Commando issues on sale 4th December 2014
When Lieutenant Alexandre “Lex” Mertens joined a Belgian Special Forces unit late in World War II he knew he’d be in for a tough time — hit-and-run raids in heavily-armed jeeps were never going to be easy.
What he didn’t expect was to be called on to defend a village full of civilians from rampaging German forces and to have to take command of his new comrades. He didn’t know if he’d be up to the job but for the sake of the civilians and his own men, he was going to have to be.
Story: Ferg Handley
Cover: Janek Matysiak
Had they survived the landing at the deadly river-mouth, mined and ambushed by the Japanese, and fought their way through the horrors of the jungle, just to be picked off on this ridge by Japanese planes?
Was this the finish — here, when below them lay the secret Japanese airfield they’d come so many blood-stained miles to destroy?
Was it blazes!
Although every Commando story starts life as a plot line, sometimes it’s not the story that grabs your attention, sometimes it’s the cover, sometimes it’s the inside art. That is certainly the case here. Alonso’s pants-on-fire style of illustration socks you in the eye and keeps the tale racing along.
Once you get past the art, you can appreciate that it’s a well-worked, complicated plot that Alonso is working with. There’s jeopardy round every corner and enough friction between the characters to start a small fire — see the comment about Alonso’s style.
Cover artist Chaco holds his end up well, reducing the amount of colour in the illustration to show that it’s night, but also showing up the gun flashes and the probing searchlight. A good job by all three.—Calum Laird, Commando Editor
Originally Commando No 131 (September 1964), re-issued as No 687 (October 1972)
Tony Borelli had been born in England but his parents were full-blooded Italians so, when World War II broke out, he looked likely to be detained in an internment camp with other foreign nationals.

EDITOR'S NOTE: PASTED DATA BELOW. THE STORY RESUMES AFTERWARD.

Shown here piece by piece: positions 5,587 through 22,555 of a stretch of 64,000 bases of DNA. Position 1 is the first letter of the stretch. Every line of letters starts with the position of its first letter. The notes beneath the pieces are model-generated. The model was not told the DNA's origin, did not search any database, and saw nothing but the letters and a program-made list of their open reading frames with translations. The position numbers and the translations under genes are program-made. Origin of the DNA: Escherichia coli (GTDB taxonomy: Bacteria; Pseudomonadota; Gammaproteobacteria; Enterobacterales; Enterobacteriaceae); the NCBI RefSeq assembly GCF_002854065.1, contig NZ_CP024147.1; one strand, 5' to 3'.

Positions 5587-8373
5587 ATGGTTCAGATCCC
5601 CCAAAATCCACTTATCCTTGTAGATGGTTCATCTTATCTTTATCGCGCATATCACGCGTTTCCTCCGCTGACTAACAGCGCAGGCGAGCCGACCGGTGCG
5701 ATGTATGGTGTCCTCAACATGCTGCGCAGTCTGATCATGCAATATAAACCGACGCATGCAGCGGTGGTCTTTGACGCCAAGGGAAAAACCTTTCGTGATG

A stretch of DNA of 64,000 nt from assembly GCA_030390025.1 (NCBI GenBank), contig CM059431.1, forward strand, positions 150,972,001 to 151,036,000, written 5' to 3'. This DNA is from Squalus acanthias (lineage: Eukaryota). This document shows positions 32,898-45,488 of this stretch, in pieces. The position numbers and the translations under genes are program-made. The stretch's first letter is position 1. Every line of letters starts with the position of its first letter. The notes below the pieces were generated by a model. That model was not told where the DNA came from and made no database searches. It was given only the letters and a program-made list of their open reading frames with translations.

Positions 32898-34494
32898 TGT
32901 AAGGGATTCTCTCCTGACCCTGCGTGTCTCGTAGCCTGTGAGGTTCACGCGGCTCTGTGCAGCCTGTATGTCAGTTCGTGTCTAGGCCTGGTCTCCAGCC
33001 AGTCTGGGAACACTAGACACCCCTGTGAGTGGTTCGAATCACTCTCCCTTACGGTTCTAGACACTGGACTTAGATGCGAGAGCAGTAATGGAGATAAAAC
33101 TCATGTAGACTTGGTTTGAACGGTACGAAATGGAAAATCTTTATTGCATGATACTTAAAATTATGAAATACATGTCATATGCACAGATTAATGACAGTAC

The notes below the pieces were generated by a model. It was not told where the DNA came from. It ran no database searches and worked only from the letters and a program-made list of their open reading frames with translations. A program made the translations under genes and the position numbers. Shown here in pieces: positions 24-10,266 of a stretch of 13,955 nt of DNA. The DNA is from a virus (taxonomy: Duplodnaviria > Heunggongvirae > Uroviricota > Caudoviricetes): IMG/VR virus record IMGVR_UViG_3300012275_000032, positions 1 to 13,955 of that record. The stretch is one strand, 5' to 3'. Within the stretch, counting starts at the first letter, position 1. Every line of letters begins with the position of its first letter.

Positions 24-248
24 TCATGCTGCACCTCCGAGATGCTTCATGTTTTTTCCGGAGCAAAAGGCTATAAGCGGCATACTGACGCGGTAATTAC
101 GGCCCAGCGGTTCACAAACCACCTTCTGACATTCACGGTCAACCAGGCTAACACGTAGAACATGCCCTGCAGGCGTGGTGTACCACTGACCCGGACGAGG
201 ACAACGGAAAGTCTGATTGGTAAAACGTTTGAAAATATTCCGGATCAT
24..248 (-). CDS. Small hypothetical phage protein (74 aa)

Tony, though, enlisted in the British Army and became part of a highly secret intelligence unit operating in the deserts of North Africa.
His CO believed Tony’s fluent Italian was an asset to the team and didn’t consider his roots important. Unfortunately, not all Tony’s comrades were as convinced that he could be trusted.
Story: George Low
Cover: Janek Matysiak
They did not exist as far as the Allies were aware — four lethal Panther tanks hidden away in a secret lair from which they would strike with devastating force when the time was right.
The British had a phantom of their own with which to hit back…though they did not know it!
Throughout Commando’s 53-year history, Military Policemen (MPs) have been used by authors as a handy plot device or character archetype. On many occasions, these Army law enforcers have been officious, bullying types, bringing trumped-up charges against our plucky, salt-of-the-earth heroes.
In Phantom Panthers — drawn by the inimitable and much-missed Denis McLoughlin — we buck the trend. MP Sergeant Bill Cuthbert is likable, brave, honest…and determined to solve a battlefield mystery. Once more, Commando can turn expectations on their heads and — as we see here — the results are all the better for it.—Scott Montgomery, Deputy Editor
Story: Allan Chalmers
Art: Denis Mcloughlin
Cover: Ian Kennedy
Originally Commando No 2264 (March 1989)